I was frustrated that I couldn’t see every song I listened to on Spotify. So, as a personal project, I made a Spotify listening archiver to…
Collect every single song I listen to and
Generate interactive listening charts, plotted by time of day.
In 2020, I made a mood tracker for my Spotify listening behavior. I learned a lot of valuable skills about APIs, data organizing, and visualizations.
However, there were a few things I thought could be improved from the old site.
The site was not reliable. I collected songs using a scheduled task on my physical MacBook. So, if I had my computer turned off or was not connected to the internet, the data wouldn't be collected. The data was also stored in CSV files in Github. This is a crafty, free solution. However, this isn't best practice for storing lots of large data.
The site was made using plain HTML/JS/CSS. This implementation was fine for this specific project, but I wanted to practice making more modular sites for the next project (React)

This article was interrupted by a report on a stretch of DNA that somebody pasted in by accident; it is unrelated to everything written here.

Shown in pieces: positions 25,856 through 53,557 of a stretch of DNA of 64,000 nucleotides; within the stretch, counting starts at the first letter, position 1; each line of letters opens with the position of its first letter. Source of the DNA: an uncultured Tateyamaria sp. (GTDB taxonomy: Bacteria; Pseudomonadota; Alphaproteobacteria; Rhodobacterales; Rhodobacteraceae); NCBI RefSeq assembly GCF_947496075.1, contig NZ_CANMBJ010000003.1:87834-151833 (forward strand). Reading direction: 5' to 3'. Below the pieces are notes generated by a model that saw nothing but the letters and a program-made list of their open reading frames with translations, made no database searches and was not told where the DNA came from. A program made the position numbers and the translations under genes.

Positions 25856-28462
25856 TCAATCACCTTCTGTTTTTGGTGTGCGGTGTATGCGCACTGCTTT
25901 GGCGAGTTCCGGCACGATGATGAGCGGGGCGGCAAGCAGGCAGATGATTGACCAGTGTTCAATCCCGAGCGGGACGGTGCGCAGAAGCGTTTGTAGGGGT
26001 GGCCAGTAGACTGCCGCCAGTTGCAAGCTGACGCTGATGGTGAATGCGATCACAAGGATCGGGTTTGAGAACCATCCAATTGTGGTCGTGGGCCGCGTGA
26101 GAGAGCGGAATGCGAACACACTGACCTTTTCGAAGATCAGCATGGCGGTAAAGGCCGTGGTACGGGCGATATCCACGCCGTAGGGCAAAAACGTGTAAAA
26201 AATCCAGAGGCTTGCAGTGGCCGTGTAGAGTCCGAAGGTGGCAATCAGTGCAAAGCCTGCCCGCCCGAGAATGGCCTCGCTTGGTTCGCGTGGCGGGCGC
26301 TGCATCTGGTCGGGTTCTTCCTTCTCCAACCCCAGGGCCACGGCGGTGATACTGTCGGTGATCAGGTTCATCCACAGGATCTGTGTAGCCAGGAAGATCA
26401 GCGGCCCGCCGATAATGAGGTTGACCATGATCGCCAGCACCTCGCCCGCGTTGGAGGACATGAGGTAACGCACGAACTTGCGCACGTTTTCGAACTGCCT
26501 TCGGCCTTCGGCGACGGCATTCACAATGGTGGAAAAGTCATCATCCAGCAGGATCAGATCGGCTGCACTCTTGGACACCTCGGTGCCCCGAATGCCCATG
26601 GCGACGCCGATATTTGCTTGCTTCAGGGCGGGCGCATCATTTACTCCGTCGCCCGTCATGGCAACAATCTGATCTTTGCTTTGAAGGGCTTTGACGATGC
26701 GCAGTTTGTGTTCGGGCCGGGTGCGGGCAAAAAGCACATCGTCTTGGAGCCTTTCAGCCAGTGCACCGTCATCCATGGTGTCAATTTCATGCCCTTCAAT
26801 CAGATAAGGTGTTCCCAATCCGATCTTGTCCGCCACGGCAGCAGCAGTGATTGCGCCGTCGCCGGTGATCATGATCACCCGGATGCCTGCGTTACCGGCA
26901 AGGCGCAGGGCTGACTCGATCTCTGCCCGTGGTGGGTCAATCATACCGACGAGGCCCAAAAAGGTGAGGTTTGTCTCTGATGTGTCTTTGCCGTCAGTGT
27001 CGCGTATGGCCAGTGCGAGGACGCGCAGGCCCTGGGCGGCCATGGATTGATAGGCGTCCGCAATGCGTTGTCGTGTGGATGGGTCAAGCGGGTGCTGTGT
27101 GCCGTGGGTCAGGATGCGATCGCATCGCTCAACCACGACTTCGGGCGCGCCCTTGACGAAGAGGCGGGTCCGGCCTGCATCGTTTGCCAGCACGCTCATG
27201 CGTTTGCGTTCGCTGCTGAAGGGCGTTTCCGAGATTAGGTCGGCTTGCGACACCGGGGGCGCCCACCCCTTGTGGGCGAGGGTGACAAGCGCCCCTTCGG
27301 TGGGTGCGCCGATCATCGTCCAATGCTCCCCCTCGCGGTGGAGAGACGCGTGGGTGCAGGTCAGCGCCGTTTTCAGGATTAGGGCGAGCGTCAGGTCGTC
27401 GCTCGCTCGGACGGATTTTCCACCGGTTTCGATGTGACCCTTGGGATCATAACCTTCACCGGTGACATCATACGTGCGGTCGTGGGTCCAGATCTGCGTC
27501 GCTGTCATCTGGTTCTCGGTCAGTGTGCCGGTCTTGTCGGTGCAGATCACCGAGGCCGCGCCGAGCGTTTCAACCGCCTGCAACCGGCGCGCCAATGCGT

The mood graph was non-sensical. I thought the mood indices provided by the Spotify API would be more insightful. But, the graphs didn't make much sense.
This time, I wanted to make a listening tracker that was reliable, modular, and insightful.
So, this listening tracker is a React app with a Flask backend (hosted on Heroku). And the listening data is stored in an SQL database.
The data is also all plotted by time of day. Users can hover on a circle to play a song, click the circle to open it in Spotify, and scroll below to see all recorded songs.
Below is a demo and diagram of the new site.